Getting the right talent onboard is the first step to enabling company success.
But with so many vacant positions and job-hopping on the rise, talent acquisition teams have to search harder and faster to find the right people to avoid disruptions at work.
If you’re already working at 100%—or if you just want to be more efficient—streamlining the recruitment process is a great way to increase your output.
And one of the most important steps is to carefully track recruitment metrics. This will enable your team to assess the quality of your hiring and identify bottlenecks. And that will dramatically improve your ability to find the right people at the right time.
But which metrics?
A LinkedIn study discovered that HR teams that track recruitment metrics are two times more likely to find better talent faster. Important metrics to track are:
Time to hire
Quality of hire
Cost per hire
Chief among these is time to hire. Why?
For starters, 57% of job seekers lose interest in a job if the hiring process is too long. So optimizing this metric should be a top concern. Otherwise, quality candidates could be slipping through your fingers.
Time to hire is the total number of days it takes a company to hire a candidate. This duration starts when the application is received and spans all stages of recruitment.
By capturing the entire hiring process in one number, time to hire helps to identify inefficiencies and unnecessary delays.
With so many varying recruitment metrics used across organizations, time to hire and time to fill are sometimes thought to be the same thing. But they are not.
Time to hire measures how long a company takes to move a candidate through their hiring funnel. This assesses the efficiency of your selection process.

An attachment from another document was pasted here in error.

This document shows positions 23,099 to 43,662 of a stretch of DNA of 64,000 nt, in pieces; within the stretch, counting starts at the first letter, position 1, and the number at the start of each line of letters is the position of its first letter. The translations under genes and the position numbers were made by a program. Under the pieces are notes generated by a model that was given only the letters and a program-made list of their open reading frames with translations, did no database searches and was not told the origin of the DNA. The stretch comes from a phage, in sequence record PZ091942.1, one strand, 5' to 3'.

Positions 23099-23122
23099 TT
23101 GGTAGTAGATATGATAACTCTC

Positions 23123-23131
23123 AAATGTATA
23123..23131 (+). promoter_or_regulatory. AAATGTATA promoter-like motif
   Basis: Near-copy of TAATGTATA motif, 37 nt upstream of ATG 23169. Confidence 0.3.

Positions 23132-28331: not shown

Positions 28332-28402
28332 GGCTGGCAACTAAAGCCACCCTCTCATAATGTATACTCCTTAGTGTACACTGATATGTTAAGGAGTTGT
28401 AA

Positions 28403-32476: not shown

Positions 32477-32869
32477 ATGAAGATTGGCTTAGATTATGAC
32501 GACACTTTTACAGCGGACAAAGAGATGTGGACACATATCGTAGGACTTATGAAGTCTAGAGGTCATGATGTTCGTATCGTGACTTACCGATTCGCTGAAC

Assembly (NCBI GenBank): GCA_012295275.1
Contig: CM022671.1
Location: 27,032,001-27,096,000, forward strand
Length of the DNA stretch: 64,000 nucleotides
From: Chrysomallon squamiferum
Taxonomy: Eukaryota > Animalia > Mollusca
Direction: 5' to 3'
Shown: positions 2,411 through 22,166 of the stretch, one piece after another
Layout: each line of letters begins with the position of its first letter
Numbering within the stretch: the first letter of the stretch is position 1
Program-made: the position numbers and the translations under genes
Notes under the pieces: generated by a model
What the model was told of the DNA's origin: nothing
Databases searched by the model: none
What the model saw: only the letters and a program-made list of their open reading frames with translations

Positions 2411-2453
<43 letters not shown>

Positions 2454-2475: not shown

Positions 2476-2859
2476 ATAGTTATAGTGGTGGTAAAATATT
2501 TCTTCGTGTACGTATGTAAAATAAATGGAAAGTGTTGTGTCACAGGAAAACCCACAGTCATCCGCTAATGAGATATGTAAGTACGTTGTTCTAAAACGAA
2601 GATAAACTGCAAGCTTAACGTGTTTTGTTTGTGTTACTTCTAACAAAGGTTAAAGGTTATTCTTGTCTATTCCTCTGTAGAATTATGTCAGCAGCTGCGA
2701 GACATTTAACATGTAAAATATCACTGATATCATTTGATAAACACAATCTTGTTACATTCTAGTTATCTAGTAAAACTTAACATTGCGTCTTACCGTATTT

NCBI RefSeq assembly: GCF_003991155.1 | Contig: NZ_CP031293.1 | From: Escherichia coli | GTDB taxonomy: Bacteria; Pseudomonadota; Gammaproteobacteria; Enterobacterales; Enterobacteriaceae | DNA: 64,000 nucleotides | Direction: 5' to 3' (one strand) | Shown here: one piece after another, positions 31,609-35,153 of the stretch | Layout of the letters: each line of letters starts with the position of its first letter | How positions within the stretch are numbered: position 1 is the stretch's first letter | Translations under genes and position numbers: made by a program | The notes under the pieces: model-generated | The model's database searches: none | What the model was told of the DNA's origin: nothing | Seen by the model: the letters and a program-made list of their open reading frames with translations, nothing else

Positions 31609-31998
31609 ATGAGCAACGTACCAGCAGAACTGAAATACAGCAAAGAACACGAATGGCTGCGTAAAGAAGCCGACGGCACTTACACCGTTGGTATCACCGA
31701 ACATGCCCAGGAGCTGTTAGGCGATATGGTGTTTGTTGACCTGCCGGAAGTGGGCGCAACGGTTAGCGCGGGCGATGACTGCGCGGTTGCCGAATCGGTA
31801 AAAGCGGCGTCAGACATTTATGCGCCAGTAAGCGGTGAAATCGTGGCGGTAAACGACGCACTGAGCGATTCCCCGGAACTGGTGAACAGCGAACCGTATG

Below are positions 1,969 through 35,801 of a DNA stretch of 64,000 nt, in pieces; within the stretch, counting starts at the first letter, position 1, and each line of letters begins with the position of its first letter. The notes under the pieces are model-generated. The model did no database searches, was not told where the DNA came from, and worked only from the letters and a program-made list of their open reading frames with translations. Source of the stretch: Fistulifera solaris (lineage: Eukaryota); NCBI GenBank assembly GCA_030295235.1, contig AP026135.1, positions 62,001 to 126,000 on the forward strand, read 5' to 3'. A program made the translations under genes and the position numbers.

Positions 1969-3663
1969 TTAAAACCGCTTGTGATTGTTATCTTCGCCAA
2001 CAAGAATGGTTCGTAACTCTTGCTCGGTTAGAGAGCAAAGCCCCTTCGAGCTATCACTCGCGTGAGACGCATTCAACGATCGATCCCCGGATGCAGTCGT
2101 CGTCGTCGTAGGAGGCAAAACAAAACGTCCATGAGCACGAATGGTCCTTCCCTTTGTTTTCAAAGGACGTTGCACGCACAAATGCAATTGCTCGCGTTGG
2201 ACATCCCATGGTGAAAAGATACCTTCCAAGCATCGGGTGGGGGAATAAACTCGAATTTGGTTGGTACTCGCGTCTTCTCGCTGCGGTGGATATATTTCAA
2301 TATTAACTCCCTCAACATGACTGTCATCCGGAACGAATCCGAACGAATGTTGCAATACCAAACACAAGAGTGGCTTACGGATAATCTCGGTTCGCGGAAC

Time to fill, on the other hand, measures how long it takes a company to fill a particular role.
In addition to the time it takes for a candidate to get through your hiring funnel, it also accounts for the time it takes to approve the job description, advertise the job, get it across the target audience, and generate a candidate pool.
This metric helps assess the efficiency of your complete hiring process and also enables you to plan your hiring needs in advance.
Note: Time to fill may be calculated differently at different companies (when the job vacancy is created or when the job is posted, for instance) but it is always greater than time to hire.
Reducing time to hire is a top priority for growing businesses.
This is because longer hiring processes take a toll on the entire company as they have a top-to-bottom effect. Here’s how:
They increase cost-per-hire, putting a massive strain on the company’s budget. HR takes the biggest share of a company’s resources as it is, so don’t make it worse!
Top talent slips through your fingers, as companies with faster hiring processes beat you to the punch by extending an offer sooner. This is why it’s important to know the average time to hire for your industry.
Longer hiring cycles also lead to an unsatisfactory candidate experience, which could mar your company’s reputation. Word spreads fast and reviews on resources like Glassdoor will discourage future talent from applying at your company.
Current employees have to take on extra work until the vacancies are filled. This impacts the productivity of their own work.
Organizational goals are delayed or not delivered, hindering overall success and growth.
These five factors make it imperative for companies to streamline the duration of their hiring cycles.
Now that you understand why measuring time to hire is important, your next step is to optimize the hiring processes.
Your starting point should be the following:
Track how long each individual process in the hiring funnel is taking.
Once that’s done, employ the following strategies to achieve your objectives.
The first step to speeding up your hiring and candidate selection process is getting a clear idea of the roles you want to fill, including the skills and competencies required from the would-be employee.